I am really fortunate to spend a lot of my time with business leaders around the world.
Whether it is in an Executive MBA program, a corporate training session, or an interview for a new book, I have the distinct pleasure of learning from some very sharp people.
Over the years, an ever-larger number of folks tell me that they face a tremendous challenge in hiring and keeping good employees. The reasons are many, and vary widely across industries, except for one: illicit drug use.
When we're talking in the office, the subject is rarely discussed. However, it becomes a regular topic of conversation in more relaxed settings. And, it seems to be getting worse.
For current workers, according to the annual Quest Diagnostics Drug Testing Index published last week, illicit drug use continues to rise, resulting in the highest drug test positivity rates in the last 12 years. The nationwide survey of more than 10 million workforce drug test results revealed:
- Positive cocaine drug test results increased for a 4th straight year, resulting in a 12% increase in the general U.S. workforce in 2016.
- Positive marijuana drug test results also increased among all three testing specimens (oral fluid, hair and urine). In Colorado and Washington (the first states to legalize recreational marijuana), positive marijuana test results increased 11% and 9% respectively, while the overall nationwide marijuana positivity rate increased 4%.
- Similarly, since 2015, positive test results for amphetamines (including methamphetamines) increased by more than 8%. Positive test results for methamphetamines, in particular, increased 64% since 2012.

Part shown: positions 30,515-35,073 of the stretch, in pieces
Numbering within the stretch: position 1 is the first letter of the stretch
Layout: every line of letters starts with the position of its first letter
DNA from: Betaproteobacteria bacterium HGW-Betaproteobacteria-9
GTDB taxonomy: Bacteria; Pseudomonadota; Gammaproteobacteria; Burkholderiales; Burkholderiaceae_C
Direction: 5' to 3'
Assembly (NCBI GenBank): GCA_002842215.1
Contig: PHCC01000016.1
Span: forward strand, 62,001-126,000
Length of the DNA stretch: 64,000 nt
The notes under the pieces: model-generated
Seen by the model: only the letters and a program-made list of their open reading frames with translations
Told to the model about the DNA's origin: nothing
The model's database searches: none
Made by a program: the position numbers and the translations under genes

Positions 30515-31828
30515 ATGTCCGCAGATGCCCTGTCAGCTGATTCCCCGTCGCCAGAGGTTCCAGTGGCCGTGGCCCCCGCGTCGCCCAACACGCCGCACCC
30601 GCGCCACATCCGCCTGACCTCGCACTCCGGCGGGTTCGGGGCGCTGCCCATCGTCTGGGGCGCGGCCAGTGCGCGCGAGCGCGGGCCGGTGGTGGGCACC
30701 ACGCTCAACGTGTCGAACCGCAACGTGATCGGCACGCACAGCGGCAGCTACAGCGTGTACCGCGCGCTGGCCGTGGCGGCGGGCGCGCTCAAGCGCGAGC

- On a more “positive note”, heroin detection remained steady after four years of increases, while prescription opiate positivity declined slightly.
While these numbers focus on current workers, the problem can get exacerbated when trying to find new employees.
My friends in the building trades, transportation, and energy sectors complain how expensive recruiting efforts are often failures because prospective applicants simply cannot pass their initial drug test- or will refuse to even try.
Recently, one company that was looking to hire several hundred workers on a new pipeline construction project spent weeks advertising entry-level positions which averaged $22 per hour + full benefits.
After distributing thousands of applications on-line and at in-person events, less than 30 people were eventually hired. It seemed the extensive drug testing that was part of the initial interview process kept folks away from pursuing the next step…
As the U.S. economy reaches levels of full employment, drug testing and everything around it will make finding, hiring and keeping good employees even tougher.